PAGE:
Sunday 9 December 2018

Tea, treats and audiobooks on a cool, sunny morning...

I’ve got my steaming cup of chai tea and delicious Date Bar on the coffee table in front of me on this gorgeous, crisp, sunny wintery morning.  It’s supposed to be clear, sunny days ahead for most of the week, too, which is awesome as we head into the busy Christmas season.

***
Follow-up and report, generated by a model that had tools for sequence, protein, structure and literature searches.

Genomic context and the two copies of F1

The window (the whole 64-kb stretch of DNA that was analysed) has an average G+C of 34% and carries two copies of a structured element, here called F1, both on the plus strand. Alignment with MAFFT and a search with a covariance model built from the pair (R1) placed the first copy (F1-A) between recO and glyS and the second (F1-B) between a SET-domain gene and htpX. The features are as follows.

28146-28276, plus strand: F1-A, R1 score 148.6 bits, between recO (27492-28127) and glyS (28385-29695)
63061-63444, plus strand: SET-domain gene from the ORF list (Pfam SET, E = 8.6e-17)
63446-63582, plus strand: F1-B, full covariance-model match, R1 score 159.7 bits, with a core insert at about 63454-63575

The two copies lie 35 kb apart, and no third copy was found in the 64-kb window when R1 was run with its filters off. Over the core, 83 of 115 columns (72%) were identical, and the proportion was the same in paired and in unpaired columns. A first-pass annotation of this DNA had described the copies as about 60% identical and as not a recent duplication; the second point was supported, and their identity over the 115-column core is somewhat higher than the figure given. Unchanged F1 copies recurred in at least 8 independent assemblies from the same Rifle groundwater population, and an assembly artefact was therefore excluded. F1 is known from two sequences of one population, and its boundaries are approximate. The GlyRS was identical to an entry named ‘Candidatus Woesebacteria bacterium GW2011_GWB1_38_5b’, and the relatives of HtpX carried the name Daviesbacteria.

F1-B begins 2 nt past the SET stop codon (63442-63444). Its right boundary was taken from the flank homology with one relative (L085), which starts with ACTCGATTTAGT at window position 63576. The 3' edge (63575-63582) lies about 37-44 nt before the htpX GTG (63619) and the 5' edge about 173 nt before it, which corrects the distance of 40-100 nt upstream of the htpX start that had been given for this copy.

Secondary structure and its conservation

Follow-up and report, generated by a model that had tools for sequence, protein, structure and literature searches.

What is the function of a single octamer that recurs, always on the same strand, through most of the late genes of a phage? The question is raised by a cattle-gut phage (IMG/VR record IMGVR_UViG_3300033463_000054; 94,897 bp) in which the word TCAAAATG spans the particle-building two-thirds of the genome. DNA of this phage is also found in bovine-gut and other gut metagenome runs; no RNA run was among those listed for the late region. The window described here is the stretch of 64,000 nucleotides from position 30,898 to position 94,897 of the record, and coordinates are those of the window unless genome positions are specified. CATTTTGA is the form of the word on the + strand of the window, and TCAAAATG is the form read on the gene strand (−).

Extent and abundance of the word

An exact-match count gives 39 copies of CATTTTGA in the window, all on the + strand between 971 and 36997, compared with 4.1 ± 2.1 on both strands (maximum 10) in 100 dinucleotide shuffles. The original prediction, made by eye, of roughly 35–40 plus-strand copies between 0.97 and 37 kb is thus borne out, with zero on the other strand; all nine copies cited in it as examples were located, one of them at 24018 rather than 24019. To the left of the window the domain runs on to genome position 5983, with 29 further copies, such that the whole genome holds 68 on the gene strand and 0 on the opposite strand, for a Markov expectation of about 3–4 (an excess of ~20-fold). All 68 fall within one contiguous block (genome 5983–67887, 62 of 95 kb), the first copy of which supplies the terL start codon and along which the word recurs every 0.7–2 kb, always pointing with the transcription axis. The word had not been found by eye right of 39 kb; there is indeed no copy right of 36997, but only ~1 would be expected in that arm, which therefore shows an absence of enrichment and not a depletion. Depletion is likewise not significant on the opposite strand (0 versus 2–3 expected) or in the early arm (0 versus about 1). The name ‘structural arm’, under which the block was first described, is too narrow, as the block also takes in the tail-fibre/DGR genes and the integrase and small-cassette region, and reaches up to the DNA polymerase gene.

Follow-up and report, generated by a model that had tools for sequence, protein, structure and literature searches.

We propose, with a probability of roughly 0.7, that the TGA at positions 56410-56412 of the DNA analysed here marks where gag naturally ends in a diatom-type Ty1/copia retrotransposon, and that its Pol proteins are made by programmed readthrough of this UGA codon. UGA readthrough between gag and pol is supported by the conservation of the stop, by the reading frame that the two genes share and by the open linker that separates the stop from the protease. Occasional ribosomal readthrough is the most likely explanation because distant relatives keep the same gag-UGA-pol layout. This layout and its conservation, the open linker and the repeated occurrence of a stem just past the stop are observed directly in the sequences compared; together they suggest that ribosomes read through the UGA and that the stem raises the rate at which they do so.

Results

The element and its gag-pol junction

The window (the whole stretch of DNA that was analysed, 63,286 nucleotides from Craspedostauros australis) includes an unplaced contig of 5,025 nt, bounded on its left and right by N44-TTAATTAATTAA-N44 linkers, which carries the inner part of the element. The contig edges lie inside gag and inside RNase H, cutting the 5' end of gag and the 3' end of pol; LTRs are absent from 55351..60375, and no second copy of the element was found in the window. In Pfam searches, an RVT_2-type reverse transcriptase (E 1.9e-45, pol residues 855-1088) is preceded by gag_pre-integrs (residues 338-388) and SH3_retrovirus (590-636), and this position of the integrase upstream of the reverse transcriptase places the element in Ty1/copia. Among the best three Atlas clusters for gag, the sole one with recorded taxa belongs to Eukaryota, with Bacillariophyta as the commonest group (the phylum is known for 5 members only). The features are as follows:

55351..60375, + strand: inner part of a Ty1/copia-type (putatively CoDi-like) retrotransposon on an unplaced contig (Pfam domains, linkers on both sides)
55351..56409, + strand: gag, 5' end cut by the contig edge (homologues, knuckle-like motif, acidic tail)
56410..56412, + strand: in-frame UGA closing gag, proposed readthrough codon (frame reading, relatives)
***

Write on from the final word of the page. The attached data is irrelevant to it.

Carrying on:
I finished a book yesterday that I will briefly write about, but I really wanted to focus on audiobooks today, as I haven’t written about any for quite some time.  I finished reading Susie Steiner’s second book in the series featuring DI Manon Bradshaw, Persons Unknown, and I have to say that I was a bit disappointed.  Not that it wasn’t well-written or that it didn’t have an interesting plot and complex mystery at the core, just that it lacked so many of the qualities that made Missing, Presumed so great.  A wealthy Londoner is crossing a park in Cambridgeshire when he falls dead in the arms of a woman out walking her dog.  Why was he in this small city and why would anyone want to kill him? Manon Bradshaw is back from London with her tail between her legs, her adopted son Fly, sister Ellie and nephew Solly in tow.  She begs for her old job back and is put on cold cases, taking advantage of the slower pace as she suffers the pains of her first pregnancy at 42. Davy Walker has been promoted and is running the investigation into the murder of Jon-Oliver Ross, the wealth management consultant who died of a stab wound to the heart in the park, but he must follow firm directions from Gary Stanton, the Chief Superintendent whom Davy idolizes, despite not agreeing with them.  These directions narrow the focus of the investigation exclusively on Fly, and Manon does all she can, while sitting on the sidelines and being instructed to stay away from the case, to find evidence pointing to the real killer. The threads of her investigation eventually come together and lead to a satisfying conclusion that leaves everything wrapped up neatly. I think if I hadn’t just read Missing, Presumed, I would have been more satisfied with this mystery; however, I still recall all the great things about the first mystery that made me love it.  This book had not a single literary reference, and Manon almost took a backseat as a character. And the sections focusing on her efforts to find the real killer seemed to be fraught with the pains of her pregnancy, the physical challenges she experiences, the uncertainty about her decision to have a baby, and her concern for Fly.  She was certainly a lackluster version of the character she was in the earlier book, a mere shadow of her former feisty, opinionated self, which definitely detracted from my reading enjoyment. But I’m still glad I read it, and this experience will not deter me from reading other mysteries by Steiner as they are published.